Post by Jenny
Well, we’re about a month out from the 2013 Northern Colorado Writer’s Conference, and the creative team, including yours truly, is working hard to make it a special experience for those of you who are able to join us. So dust off your wands and robes for two days of wizarding excitement as we bring the magic of Hogwarts… I’m kidding. This year’s theme is The Art of Writing.
For a visual representation of the theme, we chose a fun project: decoupage book pages onto blank canvases and paint on them in the style of A Famous Artist. Choosing a book to cut up is not easy for me, and I finally went with Cormac McCarthy’s All the Pretty Horses. (My reasoning being that if any books are tough enough to take it, his are.)
Having affixed McCarthy’s spare writing onto the canvas, I then wanted to copy an artist whose work fit the landscape of The Border Trilogy. I decided on Georgia O’Keeffe. Her iconic skulls and flowers…what could be so hard about that? Although I am not as artistic as my creative partners-in-crime, I have a couple of beginner painting classes under my belt and fully expected that I was up to the task.
I traced a skull and started painting. It didn’t look that great, so I painted some more. And some more. The more I tried to fix it, the worse it got. Do you remember last year when a well-meaning Spanish woman ‘touched up’ a 19th century church fresco, and Jesus ended up looking like a cross between Geraldo Rivera and an Ewok? Yeah, that’s pretty much the direction I was headed. But without the hair.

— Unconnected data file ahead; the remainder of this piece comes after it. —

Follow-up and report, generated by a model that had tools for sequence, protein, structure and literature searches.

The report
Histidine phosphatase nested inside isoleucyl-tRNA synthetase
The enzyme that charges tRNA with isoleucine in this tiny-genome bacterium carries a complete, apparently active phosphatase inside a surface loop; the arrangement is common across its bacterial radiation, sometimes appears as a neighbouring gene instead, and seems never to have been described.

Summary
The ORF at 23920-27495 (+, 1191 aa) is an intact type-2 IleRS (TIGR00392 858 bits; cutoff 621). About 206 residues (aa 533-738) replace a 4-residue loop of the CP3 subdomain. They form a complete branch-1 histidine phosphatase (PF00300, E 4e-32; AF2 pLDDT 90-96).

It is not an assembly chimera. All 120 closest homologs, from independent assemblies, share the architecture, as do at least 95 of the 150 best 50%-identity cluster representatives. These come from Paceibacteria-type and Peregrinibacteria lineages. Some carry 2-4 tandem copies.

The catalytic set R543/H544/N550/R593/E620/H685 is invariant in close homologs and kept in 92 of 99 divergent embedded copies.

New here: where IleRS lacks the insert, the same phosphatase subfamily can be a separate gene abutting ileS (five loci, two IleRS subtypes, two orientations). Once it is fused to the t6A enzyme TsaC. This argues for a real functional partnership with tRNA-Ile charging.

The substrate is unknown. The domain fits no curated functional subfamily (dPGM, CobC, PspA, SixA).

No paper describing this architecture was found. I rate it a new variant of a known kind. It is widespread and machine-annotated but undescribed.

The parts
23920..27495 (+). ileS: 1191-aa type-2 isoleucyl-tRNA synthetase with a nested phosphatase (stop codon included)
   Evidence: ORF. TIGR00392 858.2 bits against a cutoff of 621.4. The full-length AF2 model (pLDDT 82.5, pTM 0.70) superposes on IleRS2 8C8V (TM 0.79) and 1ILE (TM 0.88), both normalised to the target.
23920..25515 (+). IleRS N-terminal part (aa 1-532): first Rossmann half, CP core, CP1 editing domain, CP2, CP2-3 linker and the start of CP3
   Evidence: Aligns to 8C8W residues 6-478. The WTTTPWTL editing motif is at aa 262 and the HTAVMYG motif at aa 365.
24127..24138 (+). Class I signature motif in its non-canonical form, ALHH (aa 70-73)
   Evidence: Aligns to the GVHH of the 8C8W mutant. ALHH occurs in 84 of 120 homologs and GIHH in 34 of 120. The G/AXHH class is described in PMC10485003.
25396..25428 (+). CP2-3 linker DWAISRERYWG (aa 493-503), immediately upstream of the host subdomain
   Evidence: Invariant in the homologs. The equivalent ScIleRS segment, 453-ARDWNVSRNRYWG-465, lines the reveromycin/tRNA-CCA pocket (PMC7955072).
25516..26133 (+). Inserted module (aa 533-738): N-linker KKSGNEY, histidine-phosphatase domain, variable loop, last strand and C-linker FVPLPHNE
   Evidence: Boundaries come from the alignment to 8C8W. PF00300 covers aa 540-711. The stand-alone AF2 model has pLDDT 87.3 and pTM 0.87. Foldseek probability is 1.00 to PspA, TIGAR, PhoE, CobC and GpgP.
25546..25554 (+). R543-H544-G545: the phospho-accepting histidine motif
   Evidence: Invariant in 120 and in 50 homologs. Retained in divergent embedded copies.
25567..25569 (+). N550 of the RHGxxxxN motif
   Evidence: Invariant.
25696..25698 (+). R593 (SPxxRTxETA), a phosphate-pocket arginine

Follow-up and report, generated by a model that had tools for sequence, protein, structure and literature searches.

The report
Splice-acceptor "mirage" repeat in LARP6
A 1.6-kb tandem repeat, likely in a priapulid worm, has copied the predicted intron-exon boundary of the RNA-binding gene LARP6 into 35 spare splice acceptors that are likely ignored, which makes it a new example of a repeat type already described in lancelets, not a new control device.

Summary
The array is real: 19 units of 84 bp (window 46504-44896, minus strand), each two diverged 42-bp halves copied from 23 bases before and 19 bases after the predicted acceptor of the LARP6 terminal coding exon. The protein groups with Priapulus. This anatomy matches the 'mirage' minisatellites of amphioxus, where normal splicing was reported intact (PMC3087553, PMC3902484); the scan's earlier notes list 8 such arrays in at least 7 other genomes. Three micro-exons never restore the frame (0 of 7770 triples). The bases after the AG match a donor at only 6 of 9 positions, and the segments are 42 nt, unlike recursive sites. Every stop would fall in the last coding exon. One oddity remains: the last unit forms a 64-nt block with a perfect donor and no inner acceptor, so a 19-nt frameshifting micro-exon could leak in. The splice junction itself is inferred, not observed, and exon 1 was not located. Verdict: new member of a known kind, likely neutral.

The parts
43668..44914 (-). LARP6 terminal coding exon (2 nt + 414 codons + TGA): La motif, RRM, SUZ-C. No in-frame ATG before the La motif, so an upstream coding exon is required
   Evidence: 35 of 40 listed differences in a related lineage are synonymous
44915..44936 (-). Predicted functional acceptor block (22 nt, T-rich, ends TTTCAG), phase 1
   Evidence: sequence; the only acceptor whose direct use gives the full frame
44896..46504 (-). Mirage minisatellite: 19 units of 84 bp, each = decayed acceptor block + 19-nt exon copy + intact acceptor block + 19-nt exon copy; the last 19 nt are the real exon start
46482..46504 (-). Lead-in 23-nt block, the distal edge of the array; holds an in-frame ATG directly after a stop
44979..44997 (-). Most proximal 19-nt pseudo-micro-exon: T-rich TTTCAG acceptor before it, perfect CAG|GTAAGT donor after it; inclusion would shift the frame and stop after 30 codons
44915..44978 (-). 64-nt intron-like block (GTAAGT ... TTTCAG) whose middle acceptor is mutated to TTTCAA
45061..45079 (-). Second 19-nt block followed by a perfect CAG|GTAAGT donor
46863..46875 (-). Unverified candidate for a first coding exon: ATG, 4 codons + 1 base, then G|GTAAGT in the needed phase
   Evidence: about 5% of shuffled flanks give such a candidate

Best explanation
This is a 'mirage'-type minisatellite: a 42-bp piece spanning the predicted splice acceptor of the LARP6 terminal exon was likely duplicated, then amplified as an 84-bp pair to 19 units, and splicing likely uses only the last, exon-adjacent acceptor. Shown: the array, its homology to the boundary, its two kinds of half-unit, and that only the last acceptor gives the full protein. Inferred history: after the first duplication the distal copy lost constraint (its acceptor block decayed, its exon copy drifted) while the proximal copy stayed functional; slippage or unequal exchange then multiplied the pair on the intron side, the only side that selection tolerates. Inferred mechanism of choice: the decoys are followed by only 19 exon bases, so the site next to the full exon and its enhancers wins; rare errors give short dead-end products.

As panicked desperation set in, I took a deep breath and a step back. (When in need of perspective, a breath and a step always help.) I looked at my Tim Burton-esque skull-blob and realized that the jig was up. I could not paint like Georgia O’Keeffe. But I could use elements of her work to guide me in my own direction…my version of her vision, if you will. I revised my plan to include less paint and more Podge (you crafters know what I mean). When all was said and done, I was not totally displeased with the result (part of which you see above).
This project reminded me that writing is the same way: I can’t write like Ann Patchett or Ray Bradbury or Barbara Kingsolver or even Dr. Seuss. But I can take what I love about their writing, squirt it onto my writer’s palette, add my own colors, mix it around a little, and use the resulting hues to craft something I can call my own.
How does art inspire you in your writing?